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The Reluctant Columnist - Predicting The Winner
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My journey to baseball enlightenment was a long one. I've never been what you would call a "sports enthusiast." I played basketball in fourth grade but could never locate the "key" everyone kept talking about and I never understood why I couldn't just hold the ball and run. That would make the game a whole lot easier, wouldn't it? I played softball in a rec league in middle school with similar results. I spent most of my time out in left field picking four-leaf clovers and hoping the ball would not come my way, because I couldn't throw a ball back to the infield if my life depended on it. I just wasn't any good at sports and it made me start to resent them.

I decided to give up on sports as a category and just avoid them as best I could, which is hard considering that I work in an industry that devotes approximately one-third of its product to sports coverage. I felt doomed to suffer in silence through the perplexing sports talk and constant fanfare around me for the rest of my life. That is, until I discovered baseball a few years ago.

Baseball is one of the few games I enjoy. The rules are straightforward, it goes at a nice pace and it has just enough suspense to keep me interested. Plus the game is much more fun when I'm not the one playing it. I've never had a favorite baseball team, but at least it's a sport I really like watching. That seemed like progress to me.

Last year during spring training my boyfriend and I were in a store looking at baseball hats. He wanted me to pick a team to root for, just for the sake of saying that I have a favorite team. So I picked a Giants hat and told him with full confidence that the Giants would win the World Series that year. It didn't make me a Giants fan, it just meant that I placed an imaginary bet on the Giants. And lo and behold, they won.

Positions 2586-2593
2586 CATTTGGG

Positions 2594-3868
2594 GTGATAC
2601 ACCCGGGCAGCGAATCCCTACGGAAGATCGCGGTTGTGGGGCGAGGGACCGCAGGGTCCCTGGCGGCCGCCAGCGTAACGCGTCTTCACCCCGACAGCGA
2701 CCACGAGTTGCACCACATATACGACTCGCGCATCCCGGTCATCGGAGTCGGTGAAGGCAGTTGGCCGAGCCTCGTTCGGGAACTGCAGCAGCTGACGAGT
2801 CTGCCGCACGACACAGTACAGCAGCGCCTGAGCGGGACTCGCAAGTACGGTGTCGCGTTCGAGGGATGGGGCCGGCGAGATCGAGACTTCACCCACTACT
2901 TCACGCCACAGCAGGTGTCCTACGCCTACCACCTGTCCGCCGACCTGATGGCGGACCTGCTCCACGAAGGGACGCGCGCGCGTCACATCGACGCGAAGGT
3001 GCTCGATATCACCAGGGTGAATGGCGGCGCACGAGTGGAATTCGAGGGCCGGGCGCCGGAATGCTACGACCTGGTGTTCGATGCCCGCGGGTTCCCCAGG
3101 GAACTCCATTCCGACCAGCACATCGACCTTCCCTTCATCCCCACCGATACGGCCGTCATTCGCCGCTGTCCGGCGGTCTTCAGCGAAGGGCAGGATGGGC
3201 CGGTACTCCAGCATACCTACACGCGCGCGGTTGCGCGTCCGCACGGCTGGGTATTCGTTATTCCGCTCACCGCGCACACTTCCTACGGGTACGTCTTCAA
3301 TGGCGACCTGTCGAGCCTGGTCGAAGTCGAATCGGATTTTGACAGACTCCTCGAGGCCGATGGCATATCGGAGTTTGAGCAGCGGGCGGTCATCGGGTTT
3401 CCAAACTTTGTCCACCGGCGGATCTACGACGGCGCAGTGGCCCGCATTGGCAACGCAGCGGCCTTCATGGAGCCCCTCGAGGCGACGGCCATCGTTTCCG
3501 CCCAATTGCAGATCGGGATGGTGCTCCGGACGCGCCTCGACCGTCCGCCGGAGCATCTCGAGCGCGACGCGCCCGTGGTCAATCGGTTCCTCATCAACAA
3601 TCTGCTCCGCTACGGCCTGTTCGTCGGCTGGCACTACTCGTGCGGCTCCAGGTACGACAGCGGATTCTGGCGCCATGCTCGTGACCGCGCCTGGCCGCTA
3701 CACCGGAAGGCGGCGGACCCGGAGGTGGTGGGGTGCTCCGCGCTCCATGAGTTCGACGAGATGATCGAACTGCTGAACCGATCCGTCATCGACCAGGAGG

Picking a team added a whole new element to the game for me. It actually gave me a reason to care who won or lost. I found myself checking scores and stats online, listening to games on the radio in the car, and feeling a sense of pride when the Giants won.

It became a joke that I could predict the results of the World Series. During Spring Training this year I decided to pick the winner of the 2011 World Series. I picked the Cardinals, at random, from the MLB website and placed another "bet." The odds were not good, and my boyfriend jokingly told me he would buy me a Cardinals shirt if they made it to the playoffs. My shirt came in the mail just in time for game four of the Cardinals vs. the Brewers series.

Does wearing a shirt make me a Cardinals fan? I think most "fans" have some sense of loyalty to a team or the team's home city. I've never even been to St. Louis. But picking one team during spring training and sticking with them throughout the season has shown me what it's like to be a fan. When you care about a team you feel their ups and their downs, you feel a sense of anxiety at that moment when the game is tied in the bottom of the ninth and "your team" is at bat. It made me want to find a nice team and settle down for life some day. I'm not saying it will be with the Cardinals because I'm trying to keep my options open.

But for now I'm having fun playing "baseball psychic" and trying to guess who will win the World Series. Who is my pick for 2012? You'll just have to keep reading my columns to find out.

Andrea Goodwin is a staff reporter for The Oakdale Leader, The Riverbank News and The Escalon Times. She may be reached at or by calling 847-3021.